Police in El Salvador arrested the country's ex-president Elias Antonio Saca and six other suspects, including three serving government officials on Sunday for alleged embezzlement and money laundering, authorities said.
Saca, 51, and six other former officials from his government were detained in the early morning "on charges of various crimes," it said on Twitter.
Saca is a member of the conservative Nationalist Republican Alliance (ARENA). He was president of El Salvador from 2004 to 2009.
He is accused of embezzlement, money laundering and links to illegal groups, the prosecutors' office said.
It give no further details of the accusations for the time being.
A self-made businessman, Saca was a well-known journalist before becoming president.
He was seen as a strong ally of the United States during his time in power.
The other suspects arrested include former public waterworks official Cesar Funes, 46, and ex-presidential communications chief Julio Rank, 65.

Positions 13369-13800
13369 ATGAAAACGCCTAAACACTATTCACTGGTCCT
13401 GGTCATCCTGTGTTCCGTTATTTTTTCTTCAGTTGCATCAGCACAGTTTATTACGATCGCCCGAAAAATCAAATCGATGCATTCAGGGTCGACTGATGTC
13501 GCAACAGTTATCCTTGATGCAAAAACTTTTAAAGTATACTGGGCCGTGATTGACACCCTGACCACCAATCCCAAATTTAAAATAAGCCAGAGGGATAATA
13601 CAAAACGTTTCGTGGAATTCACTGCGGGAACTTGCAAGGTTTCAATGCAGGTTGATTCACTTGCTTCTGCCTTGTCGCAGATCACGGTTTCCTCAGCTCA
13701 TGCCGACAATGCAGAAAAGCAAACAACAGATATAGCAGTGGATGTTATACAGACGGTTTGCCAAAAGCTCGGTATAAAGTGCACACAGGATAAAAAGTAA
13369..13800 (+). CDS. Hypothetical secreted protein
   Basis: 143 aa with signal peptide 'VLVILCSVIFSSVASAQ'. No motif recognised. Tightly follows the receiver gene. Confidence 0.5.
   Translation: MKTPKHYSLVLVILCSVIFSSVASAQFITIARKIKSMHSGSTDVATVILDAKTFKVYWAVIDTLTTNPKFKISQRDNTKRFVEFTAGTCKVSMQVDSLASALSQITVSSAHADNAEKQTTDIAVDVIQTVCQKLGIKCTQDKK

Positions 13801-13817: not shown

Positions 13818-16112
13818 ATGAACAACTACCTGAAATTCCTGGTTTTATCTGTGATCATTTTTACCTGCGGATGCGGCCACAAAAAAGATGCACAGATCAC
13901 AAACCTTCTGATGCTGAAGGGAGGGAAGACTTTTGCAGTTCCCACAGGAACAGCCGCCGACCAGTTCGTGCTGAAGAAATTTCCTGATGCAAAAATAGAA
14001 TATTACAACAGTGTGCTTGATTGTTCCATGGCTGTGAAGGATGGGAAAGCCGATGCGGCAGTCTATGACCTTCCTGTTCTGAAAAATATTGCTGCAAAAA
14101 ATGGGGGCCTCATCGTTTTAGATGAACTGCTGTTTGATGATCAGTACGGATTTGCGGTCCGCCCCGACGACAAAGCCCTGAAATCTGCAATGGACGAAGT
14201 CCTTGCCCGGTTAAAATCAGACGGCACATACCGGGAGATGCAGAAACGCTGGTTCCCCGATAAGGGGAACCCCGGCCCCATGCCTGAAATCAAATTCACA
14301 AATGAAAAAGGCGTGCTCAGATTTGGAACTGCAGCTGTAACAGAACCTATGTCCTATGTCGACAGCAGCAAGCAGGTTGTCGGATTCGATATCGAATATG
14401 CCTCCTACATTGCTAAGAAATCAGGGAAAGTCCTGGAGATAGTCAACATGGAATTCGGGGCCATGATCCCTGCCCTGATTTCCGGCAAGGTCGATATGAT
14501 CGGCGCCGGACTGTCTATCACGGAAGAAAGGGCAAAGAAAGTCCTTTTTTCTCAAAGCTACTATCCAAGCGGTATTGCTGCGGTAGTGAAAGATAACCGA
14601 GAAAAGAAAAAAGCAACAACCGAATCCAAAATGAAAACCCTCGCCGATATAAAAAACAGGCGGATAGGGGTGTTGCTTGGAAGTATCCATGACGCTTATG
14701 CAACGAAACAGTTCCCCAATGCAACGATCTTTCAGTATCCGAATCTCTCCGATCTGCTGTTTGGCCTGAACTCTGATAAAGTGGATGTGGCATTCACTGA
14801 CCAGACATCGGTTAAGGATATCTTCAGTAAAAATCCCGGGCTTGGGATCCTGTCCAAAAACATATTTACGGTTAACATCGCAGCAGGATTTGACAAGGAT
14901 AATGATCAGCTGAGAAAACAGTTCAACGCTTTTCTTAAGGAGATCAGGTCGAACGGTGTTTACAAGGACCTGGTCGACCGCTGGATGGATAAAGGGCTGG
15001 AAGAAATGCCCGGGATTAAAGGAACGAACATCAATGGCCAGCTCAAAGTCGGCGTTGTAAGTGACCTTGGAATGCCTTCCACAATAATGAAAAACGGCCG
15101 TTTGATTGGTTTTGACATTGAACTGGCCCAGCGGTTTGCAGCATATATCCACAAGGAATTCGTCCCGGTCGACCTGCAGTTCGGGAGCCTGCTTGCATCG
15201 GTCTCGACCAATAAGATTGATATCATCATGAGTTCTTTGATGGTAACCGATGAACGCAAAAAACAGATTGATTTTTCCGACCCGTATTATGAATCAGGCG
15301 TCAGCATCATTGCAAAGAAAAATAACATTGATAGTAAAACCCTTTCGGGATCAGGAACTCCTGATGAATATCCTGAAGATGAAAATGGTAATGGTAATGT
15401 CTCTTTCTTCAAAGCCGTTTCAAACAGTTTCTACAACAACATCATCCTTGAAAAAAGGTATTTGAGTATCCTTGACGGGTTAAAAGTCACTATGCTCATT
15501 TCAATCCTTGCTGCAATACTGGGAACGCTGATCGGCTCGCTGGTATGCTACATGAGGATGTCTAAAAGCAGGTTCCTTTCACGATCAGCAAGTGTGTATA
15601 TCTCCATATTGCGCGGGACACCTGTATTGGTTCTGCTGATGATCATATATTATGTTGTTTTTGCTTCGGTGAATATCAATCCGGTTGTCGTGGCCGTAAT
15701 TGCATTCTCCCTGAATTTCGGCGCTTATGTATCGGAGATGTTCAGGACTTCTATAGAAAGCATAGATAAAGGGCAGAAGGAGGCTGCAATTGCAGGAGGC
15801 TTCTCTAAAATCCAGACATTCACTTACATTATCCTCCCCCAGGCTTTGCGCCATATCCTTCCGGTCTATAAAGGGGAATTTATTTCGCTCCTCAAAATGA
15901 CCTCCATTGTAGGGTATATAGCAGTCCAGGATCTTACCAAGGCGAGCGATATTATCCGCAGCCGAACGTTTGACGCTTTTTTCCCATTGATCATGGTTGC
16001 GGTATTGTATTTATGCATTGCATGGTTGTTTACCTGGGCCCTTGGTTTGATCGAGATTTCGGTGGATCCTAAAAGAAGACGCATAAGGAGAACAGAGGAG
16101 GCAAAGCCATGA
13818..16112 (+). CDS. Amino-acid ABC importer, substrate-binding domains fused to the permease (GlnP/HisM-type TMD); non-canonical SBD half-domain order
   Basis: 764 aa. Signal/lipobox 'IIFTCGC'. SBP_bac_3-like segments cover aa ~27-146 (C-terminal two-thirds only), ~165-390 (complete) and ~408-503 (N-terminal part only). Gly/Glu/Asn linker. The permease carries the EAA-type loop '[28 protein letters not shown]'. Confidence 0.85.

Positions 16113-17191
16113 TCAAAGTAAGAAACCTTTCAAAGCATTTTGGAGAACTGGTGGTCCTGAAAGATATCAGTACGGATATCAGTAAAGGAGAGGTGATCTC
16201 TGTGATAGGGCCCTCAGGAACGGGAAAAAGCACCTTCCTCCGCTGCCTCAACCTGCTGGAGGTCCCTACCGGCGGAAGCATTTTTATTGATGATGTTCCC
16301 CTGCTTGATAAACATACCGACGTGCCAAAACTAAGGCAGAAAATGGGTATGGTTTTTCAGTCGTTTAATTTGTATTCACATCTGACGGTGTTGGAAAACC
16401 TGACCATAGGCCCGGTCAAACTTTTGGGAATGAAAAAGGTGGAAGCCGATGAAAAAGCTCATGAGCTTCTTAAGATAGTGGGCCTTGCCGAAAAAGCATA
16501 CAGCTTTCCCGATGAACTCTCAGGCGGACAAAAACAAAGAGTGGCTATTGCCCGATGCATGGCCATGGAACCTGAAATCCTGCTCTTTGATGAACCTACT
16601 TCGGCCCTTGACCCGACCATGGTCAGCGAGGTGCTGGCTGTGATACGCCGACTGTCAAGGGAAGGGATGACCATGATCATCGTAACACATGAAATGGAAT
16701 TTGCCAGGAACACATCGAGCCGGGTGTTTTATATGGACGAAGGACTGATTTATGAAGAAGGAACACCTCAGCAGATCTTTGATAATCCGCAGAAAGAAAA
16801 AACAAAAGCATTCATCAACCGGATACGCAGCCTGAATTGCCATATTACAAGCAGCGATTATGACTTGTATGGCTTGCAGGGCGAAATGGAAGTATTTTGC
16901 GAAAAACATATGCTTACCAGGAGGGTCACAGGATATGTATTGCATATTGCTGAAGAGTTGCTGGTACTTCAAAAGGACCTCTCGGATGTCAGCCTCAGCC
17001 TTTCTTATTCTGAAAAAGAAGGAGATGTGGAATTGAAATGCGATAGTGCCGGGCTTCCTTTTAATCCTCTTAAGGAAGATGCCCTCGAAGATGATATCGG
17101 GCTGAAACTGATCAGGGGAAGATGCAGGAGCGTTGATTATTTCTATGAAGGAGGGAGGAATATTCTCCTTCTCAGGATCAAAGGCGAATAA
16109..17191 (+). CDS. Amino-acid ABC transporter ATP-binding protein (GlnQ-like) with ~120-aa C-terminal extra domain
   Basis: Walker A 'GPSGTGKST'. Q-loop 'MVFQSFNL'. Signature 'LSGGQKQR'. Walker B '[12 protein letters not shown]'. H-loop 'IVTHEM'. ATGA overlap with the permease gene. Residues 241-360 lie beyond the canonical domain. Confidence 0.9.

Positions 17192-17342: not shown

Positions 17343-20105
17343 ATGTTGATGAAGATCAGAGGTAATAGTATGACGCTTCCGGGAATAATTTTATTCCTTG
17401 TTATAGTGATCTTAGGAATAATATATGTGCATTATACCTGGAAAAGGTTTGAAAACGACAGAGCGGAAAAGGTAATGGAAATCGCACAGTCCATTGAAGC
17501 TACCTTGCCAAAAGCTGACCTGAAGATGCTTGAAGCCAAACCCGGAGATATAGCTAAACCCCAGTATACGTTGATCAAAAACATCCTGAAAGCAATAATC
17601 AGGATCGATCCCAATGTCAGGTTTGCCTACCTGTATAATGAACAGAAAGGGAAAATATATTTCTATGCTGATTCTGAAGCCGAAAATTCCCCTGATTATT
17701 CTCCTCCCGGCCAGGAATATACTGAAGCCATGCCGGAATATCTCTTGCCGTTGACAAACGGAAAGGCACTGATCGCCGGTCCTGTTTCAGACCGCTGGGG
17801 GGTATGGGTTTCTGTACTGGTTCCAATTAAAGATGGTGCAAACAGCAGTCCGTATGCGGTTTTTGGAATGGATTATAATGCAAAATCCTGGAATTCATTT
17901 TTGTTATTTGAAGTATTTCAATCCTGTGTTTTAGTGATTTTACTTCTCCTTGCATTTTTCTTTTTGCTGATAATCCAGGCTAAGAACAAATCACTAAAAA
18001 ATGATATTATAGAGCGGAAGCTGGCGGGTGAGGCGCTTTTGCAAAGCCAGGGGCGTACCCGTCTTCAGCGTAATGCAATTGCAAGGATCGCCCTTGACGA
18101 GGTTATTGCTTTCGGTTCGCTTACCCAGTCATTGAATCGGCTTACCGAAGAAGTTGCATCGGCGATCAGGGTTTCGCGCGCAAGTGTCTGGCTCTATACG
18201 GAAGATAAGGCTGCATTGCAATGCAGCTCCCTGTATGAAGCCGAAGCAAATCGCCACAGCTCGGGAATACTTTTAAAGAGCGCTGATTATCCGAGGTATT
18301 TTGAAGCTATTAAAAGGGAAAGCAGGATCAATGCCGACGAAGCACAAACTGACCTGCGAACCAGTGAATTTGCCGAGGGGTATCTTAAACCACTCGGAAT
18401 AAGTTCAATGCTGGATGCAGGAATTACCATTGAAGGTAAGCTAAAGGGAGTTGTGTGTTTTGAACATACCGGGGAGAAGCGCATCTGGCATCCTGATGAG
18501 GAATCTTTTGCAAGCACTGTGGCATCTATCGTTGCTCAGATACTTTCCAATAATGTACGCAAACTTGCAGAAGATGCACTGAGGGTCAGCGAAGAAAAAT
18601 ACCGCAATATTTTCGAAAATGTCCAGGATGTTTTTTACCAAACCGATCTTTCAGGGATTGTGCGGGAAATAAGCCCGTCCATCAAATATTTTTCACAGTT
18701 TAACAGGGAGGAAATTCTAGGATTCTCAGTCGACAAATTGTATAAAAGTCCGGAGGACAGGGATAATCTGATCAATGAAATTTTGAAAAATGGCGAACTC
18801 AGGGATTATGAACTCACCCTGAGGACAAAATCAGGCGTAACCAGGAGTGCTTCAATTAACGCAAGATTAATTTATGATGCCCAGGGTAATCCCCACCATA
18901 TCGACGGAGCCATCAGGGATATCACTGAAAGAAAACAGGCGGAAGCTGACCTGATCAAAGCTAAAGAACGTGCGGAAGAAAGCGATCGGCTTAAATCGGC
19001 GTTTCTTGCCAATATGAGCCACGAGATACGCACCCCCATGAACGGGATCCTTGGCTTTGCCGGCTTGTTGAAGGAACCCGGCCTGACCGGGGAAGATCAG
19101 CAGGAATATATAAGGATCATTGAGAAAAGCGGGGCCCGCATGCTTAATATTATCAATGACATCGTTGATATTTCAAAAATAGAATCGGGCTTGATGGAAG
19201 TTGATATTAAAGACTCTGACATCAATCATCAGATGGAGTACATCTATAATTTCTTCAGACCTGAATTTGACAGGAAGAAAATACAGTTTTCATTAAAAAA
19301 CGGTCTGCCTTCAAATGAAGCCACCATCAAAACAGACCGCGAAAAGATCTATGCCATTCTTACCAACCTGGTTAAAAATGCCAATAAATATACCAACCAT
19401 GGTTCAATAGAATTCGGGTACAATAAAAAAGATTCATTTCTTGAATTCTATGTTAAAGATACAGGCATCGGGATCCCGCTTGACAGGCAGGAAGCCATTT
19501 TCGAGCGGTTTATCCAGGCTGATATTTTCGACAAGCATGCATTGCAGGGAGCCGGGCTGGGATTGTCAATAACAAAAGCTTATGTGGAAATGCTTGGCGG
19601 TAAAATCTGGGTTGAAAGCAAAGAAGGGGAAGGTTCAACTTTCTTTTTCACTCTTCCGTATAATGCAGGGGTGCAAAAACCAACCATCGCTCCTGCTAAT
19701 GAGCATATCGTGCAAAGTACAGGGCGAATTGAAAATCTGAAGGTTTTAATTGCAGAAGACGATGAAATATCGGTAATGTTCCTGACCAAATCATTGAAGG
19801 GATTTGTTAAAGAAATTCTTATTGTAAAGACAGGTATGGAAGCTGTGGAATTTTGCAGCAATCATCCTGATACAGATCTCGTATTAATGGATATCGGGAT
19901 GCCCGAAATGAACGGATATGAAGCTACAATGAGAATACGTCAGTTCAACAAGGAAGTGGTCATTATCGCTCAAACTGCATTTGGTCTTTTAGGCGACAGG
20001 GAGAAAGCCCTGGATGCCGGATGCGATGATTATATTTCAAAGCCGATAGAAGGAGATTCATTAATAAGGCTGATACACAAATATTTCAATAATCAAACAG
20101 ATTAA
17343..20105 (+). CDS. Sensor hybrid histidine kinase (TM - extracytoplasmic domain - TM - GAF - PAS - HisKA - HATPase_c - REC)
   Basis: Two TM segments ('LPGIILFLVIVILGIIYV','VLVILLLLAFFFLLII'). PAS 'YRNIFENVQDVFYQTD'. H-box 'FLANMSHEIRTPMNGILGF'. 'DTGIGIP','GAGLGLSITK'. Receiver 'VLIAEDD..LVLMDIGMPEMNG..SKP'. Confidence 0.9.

Police said those two were detained along with Saca in an exclusive restaurant.
Salvadoran media reported that the three were there to celebrate the wedding of one of Saca's sons.
Official sources said the suspects were in custody in the premises of the anti-drugs squad in the capital San Salvador.
- 'US pressure' -
El Salvador is a Central American country of six million people, bordered by Guatemala and Honduras.
It is stricken by poverty and violent crime involving drug gangs.
The other three detained suspects are Pablo Gomez, Francisco Rodriguez Artega and Jorge Alberto Harrera.
They worked in Saca's government and are currently financial officials in the government of leftist President Salvador Sanchez.
The suspects could face sentences of up to 15 years in jail for embezzlement and money laundering, according to El Salvador's penal code.
Saca was already facing charges dating to early this year, when he was accused of embezzling some four million dollars.
His leftist successor as president, Mauricio Funes, faces similar charges. He obtained political asylum in Nicaragua in September, after saying he feared for his life in El Salvador.
Political analyst Juan Ramon Medrano said the corruption investigations were likely partly due to pressure from the United States.
Washington has demanded action on corruption in return for financial aid to boost development and fight crime in El Salvador and its two poor neighbors.
"It is good that pressure from the United States is succeeding in cleaning up suspected corruption in the country," Medrano told AFP.
"But pressure should also be applied to those who evade taxes and have drowned the country fiscally."